As if the incidence of pot holes on our roads is not enough, The Herald has for some time now, observed the reckless pouring of concrete on the major streets of Accra by concrete mixer trucks owned by Monolo Plant Limited.

The company is into the supply of the premix concrete for sale within the Accra-Tema Metropolis. It is part of the De Simone Group which owns De Simone Limited, Eastern Quarries, Monterosa Construction Limited among others.

Commuters on the Madina-Accra road in the morning witness how drivers of these concrete mixer trucks, almost on daily bases, recklessly pour their wares on the street, which dries up and deform the road paid for through the toil, tears and blood of the taxpayer.

The appalling situation comes in the wake of another alarming observation where waste-carrying trucks deliberately allow the wind to blow the refuse they are transporting, to land filled sites, to litter the streets with again with reckless abundance. This is because the refuse are always transported uncovered.

What is even more shocking, is that guards of the Accra Metropolitan Authority (AMA) and personnel of the Ghana Police Service look on unconcerned as the destruction of the roads and littering of the city go on.

Sooner or later these dried concrete patches will take over the street, and apart from the health hazards or risks posed to motorists and the road users, the taxpayer will have to cough up billions of Ghana Cedis to repair these roads.

The Herald will like to implore the Minister of Road Transport, Joe Gidisu to take drastic action on this issue by getting the producers of this concrete, Monolo Plant Limited, to ensure that the trucks that transport this product are provided with tarpaulins etc, to cover the mixed concrete to prevent any spill-over.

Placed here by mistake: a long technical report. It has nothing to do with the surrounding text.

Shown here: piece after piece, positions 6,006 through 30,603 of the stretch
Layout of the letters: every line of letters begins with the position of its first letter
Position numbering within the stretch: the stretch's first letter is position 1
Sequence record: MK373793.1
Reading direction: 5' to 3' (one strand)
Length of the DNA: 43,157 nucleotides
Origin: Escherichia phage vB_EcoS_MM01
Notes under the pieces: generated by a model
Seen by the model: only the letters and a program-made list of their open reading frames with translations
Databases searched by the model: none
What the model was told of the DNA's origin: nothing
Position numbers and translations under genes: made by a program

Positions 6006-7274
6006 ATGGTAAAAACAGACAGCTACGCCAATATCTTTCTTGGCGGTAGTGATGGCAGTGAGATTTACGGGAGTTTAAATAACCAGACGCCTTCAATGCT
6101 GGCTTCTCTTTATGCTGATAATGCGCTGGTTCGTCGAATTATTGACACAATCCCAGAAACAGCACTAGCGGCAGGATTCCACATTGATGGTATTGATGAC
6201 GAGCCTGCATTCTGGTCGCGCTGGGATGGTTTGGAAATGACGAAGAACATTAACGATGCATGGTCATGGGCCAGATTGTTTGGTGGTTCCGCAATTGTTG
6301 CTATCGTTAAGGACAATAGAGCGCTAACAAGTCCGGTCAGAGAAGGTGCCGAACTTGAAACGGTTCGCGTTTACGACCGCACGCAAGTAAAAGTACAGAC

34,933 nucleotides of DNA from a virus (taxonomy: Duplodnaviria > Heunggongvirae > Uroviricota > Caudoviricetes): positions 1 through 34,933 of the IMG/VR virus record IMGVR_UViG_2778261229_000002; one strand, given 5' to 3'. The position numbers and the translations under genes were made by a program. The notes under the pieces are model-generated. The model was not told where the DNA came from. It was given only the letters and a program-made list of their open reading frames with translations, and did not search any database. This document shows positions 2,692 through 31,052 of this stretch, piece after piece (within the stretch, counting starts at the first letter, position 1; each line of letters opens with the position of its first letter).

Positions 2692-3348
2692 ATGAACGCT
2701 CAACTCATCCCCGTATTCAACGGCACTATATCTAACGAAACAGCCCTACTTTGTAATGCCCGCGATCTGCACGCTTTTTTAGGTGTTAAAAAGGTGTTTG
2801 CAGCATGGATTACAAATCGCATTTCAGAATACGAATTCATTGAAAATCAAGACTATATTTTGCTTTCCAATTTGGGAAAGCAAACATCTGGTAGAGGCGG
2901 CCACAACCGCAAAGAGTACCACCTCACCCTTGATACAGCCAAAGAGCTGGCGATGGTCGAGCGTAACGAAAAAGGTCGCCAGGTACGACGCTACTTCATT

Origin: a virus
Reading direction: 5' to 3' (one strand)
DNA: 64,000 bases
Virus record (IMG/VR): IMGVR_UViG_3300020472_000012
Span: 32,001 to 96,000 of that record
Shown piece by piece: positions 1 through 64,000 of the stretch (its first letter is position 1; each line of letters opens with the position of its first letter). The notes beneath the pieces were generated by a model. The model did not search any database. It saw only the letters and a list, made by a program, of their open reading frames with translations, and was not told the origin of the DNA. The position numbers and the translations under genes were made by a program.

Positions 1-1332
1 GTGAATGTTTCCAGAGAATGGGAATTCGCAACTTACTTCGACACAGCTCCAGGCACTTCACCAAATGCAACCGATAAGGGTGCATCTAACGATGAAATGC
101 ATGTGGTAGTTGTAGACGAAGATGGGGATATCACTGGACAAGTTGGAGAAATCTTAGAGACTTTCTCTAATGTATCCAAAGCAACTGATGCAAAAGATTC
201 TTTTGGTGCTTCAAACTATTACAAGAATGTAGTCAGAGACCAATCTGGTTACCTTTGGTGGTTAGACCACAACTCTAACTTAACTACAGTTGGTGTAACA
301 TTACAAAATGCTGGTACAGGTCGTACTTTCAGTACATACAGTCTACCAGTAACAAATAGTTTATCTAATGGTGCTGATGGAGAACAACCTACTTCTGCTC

Millions of Ghana Cedis is spent to construct and maintain these roads, and must not be left at the mercy of reckless people and unpatriotic Ghanaians who don’t give a hoot as to how much these roads cost and the extent to which their irresponsibilities will inconvenience commuters.

We at The Herald are appalled by the state of affairs, and we hope and entreat all those responsible for the maintenance of our roads to quickly call those whose actions lead to these unfortunate scenes to do something about it.

Their mandate must not only be limited to driving off the streets the hapless people who are hawking just to irk a living; AMA and other relevant agencies must, as a matter of urgency, ensure that this menace is brought to an end before it is too late in the day to do anything, where the cost would be more than the country can afford.

We wait to see, and we won’t relent in our effort to bring this to the attention of the appropriate authorities.

Source: The Herald

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